A Roman Catholic priest who saw Lech Walesa today said the union leader believes he will be freed in time for the baptism of his newborn daughter, set for March 7.
The priest, Henryk Jankowski, is close to Walesa and was allowed to visit him to arrange details for the christening of Walesa's seventh child, born Jan. 27 and named Maria Victoria. He described the interned unionist as rested and in good health.
Walesa has been confined in the Warsaw area since the imposition of martial law Dec. 13 when he was flown here from his home in Gdansk.
Government officials are reported to have visited him intermittently during the past two months to discuss the future of the trade union movement in Poland. But Walesa is said to have insisted that any formal negotiations with the authorities on the union question can only take place when Solidarity's full 17-member Executive Council is present. Most of the council members are in detention centers.
With the government planning to release a draft of new trade union principles this month, Jankowski said it was his understanding that talks between Solidarity and the authorities could get under way within the next few weeks.
"From what Mr. Lech told me, by setting a date for the baptizing, I think that he'll return very quickly because he wants to be present," Jankowski said to reporters afterward. "I think that the case as such will be completed by then . I have drawn such a conclusion."
The priest told Associated Press after the meeting, "Given that date for the christening, he believes he will be free soon and for good . . . . If he is not, the christening will take place without him."
Jankowski said Walesa gave him a brief written statement denying any leaflets that may have been issued over his alleged signature in recent weeks.
"In connection with emerging calls and leaflets with my signature," the statement said, "I state that from Dec. 13 I have not issued any leaflets. All such surfacing with my signature are being provocatively fabricated. My concept of struggle is different and I will explain it after coming out."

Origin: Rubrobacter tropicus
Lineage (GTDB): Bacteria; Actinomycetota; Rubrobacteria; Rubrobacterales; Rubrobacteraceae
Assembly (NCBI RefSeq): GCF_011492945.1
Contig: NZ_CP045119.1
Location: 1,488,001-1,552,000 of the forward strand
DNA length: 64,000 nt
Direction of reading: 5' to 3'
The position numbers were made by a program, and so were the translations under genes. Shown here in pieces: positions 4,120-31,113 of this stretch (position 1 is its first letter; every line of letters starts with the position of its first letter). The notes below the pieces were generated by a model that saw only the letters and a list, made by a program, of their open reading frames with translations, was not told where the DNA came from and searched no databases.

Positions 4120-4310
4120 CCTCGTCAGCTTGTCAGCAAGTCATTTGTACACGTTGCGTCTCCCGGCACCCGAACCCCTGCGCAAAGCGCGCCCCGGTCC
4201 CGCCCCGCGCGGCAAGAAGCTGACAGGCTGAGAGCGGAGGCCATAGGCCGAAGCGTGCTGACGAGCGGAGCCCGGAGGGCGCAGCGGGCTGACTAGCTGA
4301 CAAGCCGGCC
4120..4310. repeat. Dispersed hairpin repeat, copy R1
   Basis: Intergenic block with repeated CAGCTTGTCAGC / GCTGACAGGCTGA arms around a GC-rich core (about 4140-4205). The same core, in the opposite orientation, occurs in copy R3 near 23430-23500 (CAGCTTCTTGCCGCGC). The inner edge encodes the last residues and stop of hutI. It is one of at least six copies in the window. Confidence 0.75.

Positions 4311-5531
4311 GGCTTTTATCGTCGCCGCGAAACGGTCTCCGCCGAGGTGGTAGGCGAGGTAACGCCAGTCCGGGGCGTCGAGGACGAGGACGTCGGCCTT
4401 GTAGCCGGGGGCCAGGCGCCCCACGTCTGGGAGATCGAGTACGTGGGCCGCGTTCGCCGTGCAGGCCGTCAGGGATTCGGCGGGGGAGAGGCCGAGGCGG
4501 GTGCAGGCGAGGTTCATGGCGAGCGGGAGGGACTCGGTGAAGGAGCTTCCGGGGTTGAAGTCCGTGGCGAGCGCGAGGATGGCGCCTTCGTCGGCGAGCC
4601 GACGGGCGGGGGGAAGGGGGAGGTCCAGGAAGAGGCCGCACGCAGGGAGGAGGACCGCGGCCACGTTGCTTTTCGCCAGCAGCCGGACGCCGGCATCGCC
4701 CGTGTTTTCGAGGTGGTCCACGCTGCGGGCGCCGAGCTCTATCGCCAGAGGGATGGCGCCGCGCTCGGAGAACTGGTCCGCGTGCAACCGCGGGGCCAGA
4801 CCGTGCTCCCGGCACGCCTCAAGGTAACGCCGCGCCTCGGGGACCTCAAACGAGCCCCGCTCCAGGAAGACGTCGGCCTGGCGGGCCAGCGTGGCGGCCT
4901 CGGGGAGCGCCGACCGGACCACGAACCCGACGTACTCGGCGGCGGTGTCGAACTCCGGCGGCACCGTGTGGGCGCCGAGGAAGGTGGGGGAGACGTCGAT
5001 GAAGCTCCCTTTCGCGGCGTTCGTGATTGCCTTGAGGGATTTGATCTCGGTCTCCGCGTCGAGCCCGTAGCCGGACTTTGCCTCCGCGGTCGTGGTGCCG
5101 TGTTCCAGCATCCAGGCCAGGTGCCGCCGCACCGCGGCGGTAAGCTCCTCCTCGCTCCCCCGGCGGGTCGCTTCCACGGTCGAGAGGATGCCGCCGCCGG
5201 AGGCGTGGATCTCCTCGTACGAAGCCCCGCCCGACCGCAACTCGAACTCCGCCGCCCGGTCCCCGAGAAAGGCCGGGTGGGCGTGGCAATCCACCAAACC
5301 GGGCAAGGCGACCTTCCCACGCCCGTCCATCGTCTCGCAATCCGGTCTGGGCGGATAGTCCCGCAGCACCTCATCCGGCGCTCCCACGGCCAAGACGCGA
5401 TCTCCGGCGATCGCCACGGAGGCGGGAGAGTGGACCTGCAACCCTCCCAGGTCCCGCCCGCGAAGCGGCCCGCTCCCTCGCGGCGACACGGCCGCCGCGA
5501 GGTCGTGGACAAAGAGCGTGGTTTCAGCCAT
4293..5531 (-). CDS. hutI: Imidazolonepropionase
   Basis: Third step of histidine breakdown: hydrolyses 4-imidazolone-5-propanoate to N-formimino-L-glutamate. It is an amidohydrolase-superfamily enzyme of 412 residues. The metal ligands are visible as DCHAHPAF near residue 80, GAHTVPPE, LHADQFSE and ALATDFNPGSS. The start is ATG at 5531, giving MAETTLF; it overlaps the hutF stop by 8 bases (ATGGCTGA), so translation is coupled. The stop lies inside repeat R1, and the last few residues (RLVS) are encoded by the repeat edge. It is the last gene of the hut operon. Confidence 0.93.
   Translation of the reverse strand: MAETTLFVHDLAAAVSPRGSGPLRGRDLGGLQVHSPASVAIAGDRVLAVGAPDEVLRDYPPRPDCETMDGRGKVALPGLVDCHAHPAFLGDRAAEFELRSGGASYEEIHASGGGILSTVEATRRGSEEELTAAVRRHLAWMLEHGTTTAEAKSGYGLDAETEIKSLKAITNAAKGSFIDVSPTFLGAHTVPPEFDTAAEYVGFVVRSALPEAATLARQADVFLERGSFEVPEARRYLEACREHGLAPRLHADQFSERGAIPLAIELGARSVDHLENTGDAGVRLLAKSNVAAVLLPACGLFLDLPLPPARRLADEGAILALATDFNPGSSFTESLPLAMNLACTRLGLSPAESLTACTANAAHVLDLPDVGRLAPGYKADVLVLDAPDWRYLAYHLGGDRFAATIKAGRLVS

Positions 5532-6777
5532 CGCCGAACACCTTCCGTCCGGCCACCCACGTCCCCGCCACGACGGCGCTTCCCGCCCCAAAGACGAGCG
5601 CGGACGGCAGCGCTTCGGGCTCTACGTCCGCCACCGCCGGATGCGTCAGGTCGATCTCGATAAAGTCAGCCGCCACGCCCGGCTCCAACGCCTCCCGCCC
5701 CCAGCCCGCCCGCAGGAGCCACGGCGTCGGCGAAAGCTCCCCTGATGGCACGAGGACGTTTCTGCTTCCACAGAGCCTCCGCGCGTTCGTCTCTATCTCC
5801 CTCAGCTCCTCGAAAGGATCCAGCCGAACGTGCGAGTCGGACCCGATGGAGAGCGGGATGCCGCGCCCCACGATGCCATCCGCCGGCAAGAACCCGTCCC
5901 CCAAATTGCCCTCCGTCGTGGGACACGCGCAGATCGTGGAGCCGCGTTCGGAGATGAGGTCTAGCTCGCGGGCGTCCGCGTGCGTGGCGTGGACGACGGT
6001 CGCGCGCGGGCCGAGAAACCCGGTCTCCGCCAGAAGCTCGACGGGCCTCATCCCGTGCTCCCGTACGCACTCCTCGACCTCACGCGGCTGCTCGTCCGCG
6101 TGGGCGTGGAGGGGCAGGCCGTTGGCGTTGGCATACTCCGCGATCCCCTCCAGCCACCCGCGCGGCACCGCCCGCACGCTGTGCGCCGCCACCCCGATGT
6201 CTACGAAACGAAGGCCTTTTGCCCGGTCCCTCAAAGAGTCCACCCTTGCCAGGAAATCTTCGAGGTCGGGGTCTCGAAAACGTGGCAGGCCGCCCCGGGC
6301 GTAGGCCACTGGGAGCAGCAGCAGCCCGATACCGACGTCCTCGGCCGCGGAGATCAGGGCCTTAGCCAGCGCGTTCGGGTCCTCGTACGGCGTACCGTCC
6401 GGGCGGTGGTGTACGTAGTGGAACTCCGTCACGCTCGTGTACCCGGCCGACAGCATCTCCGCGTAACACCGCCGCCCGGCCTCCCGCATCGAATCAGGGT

In several such leaflets circulated last month, Walesa was said to urge workers to resist martial-law peacefully and to try and disseminate information clandestinely.
Pressed for details about how the 38-year-old union leader is coping, Jankowski said Walesa is smoking a great deal. He has access to books, radio and television and is informed about the general situation in Poland.
Jankowski said Walesa had grown a beard but intended to shave it upon his release. He described Walesa as "dreaming and thinking first of all of peace, of restoring peace to our country."
Walesa's mental health was termed "perfect" and Jankowski said the union leader is "full of enthusiasm, of eagerness as he always was, as we have seen him at the gates of the Gdansk shipyard."
Asked whether Walesa would accept possible attempts by the authorities to impose a "Leninist concept of unions" on Solidarity, Jankowski said: "I think Walesa will be faithful to the one union to which he swore and which he wanted to lead. It is a self-managed, independent union and, first of all, has the beautiful name Solidarity which unites our entire society."
In other developments, a statement by Wroclaw's regional Solidarity leader Wladyslaw Frasyniuk, who is among the most senior union activists still at large, reached Warsaw today calling on Western governments to continue to apply pressure on Warsaw's military authorities.
The statement said that resistance to Poland's martial law was continuing in Lower Silesia and taking the form of underground newsletters, occasional work stoppages and work slowdowns.
A Solidarity bulletin, dated Feb. 12 and published clandestinely, spoke of other resistance activities in 16 of 49 districts throughout the country.